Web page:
Federal Money Is Fueling The Bull Market - The AIA Advocate Newsletter

In This Issue:

Federal Money Is Fueling The Bull Market

Disasters Create New Opportunities

“No Nukes” Is Good News For Conventional Energy

The Bottom Line This Month

Over the past month, this old world has taken quite a beating. The volatile Middle East and North Africa (MENA) region continued to boil in political conflict. At the same time, Japan suffered a double natural disaster plus a nuclear emergency that seems to be getting worse. Oil prices also continued to move up.

As each new strain arrived, we expected the stock market to plunge. Although there were a few moderate declines, when all the gyrations were tallied the Dow was actually up 2.3% for the month. The Nasdaq rose 1.4%.

The resilience of the stock market reveals that it has a great deal of underlying strength. Although it’s possible that stocks are nearing a breaking point that will be triggered by an additional shock, we think prices are more likely to rise in the coming months.

Federal Money Is Fueling The Bull Market

The stock market is holding its own in the face of adversity because the economy is bouncing back from the recession. Corporate earnings are rising, manufacturing is starting to pick up again, the weak dollar is boosting exports, and interest rates are remaining low.

Nevertheless, the positives for the economy are base hits not home runs. We are seeing nothing like the strong recoveries of the past. In addition, housing is continuing to slip, unemployment is remaining high, oil and food prices are rising, and the dollar is weakening. So, why are stocks doing so well?

We think the answer is, billions of dollars of the Fed’s stimulus and bailout funds are making their way into the market. That’s not surprising since stocks are currently the only investment game worth playing. Real estate in most regions is comatose. Commodities are doing well, but most investors stay away from them. Bonds are pariahs. And, for all its glamour, the precious metal market is small. At the same time, fixed income returns are so low nobody wants to keep cash on the sidelines.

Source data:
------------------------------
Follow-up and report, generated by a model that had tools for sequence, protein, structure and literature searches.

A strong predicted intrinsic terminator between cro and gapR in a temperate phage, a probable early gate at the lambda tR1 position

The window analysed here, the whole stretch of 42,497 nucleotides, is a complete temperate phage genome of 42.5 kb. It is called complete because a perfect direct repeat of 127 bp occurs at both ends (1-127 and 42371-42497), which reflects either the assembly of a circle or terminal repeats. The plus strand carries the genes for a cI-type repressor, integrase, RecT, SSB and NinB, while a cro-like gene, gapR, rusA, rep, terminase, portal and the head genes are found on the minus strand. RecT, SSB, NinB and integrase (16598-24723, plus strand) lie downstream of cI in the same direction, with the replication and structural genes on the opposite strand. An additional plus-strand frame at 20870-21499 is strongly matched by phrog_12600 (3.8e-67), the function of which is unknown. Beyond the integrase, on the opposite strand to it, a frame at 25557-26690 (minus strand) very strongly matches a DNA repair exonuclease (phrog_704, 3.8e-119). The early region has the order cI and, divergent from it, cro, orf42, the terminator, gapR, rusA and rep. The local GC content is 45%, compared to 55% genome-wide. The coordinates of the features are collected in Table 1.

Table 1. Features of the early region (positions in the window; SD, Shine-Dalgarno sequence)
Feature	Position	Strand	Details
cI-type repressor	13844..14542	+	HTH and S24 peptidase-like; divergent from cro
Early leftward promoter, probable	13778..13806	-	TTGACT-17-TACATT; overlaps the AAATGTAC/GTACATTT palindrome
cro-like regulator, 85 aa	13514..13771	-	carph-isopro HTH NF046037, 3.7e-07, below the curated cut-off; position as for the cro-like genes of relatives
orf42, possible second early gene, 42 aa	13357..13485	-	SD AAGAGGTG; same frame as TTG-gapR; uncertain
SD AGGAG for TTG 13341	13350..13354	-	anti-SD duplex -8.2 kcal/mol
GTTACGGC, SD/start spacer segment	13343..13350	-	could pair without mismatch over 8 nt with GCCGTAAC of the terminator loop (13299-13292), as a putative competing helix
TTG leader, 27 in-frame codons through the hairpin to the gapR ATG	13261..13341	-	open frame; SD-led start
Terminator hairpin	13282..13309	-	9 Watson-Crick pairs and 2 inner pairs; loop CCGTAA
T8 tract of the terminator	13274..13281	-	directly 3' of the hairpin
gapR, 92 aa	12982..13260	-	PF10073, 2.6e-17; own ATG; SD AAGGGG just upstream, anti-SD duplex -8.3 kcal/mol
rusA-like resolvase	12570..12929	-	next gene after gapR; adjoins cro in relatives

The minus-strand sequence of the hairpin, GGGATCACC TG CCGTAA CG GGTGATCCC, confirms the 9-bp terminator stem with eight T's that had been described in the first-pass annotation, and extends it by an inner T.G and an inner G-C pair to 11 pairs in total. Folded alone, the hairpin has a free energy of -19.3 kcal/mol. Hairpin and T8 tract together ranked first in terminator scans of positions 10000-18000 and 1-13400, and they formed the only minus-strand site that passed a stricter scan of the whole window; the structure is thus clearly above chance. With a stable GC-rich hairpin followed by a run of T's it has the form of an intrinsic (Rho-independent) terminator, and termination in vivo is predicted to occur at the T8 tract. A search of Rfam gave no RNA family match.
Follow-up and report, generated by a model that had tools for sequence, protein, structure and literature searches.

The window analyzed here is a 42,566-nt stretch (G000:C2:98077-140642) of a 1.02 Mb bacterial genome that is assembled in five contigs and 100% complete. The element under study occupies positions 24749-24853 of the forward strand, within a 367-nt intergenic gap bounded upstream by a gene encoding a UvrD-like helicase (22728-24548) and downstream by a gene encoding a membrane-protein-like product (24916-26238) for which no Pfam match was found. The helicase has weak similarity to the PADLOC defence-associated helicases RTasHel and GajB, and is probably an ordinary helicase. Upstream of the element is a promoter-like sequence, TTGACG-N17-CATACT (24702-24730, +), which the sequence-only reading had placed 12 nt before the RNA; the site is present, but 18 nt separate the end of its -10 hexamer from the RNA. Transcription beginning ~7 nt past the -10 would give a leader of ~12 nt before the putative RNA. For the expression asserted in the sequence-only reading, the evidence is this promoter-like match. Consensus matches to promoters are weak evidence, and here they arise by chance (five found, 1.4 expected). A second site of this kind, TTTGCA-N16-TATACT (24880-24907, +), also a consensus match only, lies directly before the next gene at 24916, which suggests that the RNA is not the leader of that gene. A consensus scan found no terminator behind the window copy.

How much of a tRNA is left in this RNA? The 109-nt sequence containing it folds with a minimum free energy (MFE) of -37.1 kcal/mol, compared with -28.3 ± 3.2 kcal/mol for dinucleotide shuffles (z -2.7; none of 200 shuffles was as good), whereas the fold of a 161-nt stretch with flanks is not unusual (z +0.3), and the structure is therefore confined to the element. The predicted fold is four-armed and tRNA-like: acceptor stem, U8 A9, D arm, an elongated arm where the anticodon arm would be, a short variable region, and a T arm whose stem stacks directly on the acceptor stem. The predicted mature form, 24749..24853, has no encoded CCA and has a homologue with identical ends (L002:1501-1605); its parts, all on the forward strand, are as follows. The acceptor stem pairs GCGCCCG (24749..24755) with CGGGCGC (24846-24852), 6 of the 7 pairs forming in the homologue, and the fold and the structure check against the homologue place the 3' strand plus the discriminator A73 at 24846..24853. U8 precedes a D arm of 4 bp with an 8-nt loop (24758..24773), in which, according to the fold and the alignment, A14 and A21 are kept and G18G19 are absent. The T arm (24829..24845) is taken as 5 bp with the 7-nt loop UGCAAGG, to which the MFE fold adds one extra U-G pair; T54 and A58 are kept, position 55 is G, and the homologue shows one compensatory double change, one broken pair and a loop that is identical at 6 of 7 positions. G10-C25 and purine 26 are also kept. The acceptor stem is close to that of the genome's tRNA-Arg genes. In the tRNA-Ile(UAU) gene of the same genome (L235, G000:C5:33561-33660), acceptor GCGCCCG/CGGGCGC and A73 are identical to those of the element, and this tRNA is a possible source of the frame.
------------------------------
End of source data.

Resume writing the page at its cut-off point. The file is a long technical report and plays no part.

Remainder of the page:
The winner by default is the stock market. It’s another reason to think the bull has further to run. But, as we said last month, we must expect some corrections along the way. One of them already seems overdue.

Disasters Create New Opportunities

The human suffering and property destruction we are seeing in MENA and Japan are heartbreaking. At the same time, the steps people in those areas are taking to solve their problems are inspiring. As investors, we can participate in their efforts and help ourselves at the same time.

We think the biggest changes the disasters will make are in the use of energy. For the next few years, at least, the nuclear power revival will probably be tabled. There may never be another nuclear plant constructed in Japan. China will probably finish the 27 nuclear complexes under construction, but they may be the last. It looks like the German people are also turning thumbs down on nuclear. The same may be true in America despite President Obama’s support for the industry.

“No Nukes” Is Good News For Conventional Energy

With nuclear power on life support, the only energy sources currently able to take its place are coal, natural gas, and oil. Of the three, oil is the least competitive. Oil also looks less reliable since so much of it comes from troubled countries where supplies could be interrupted.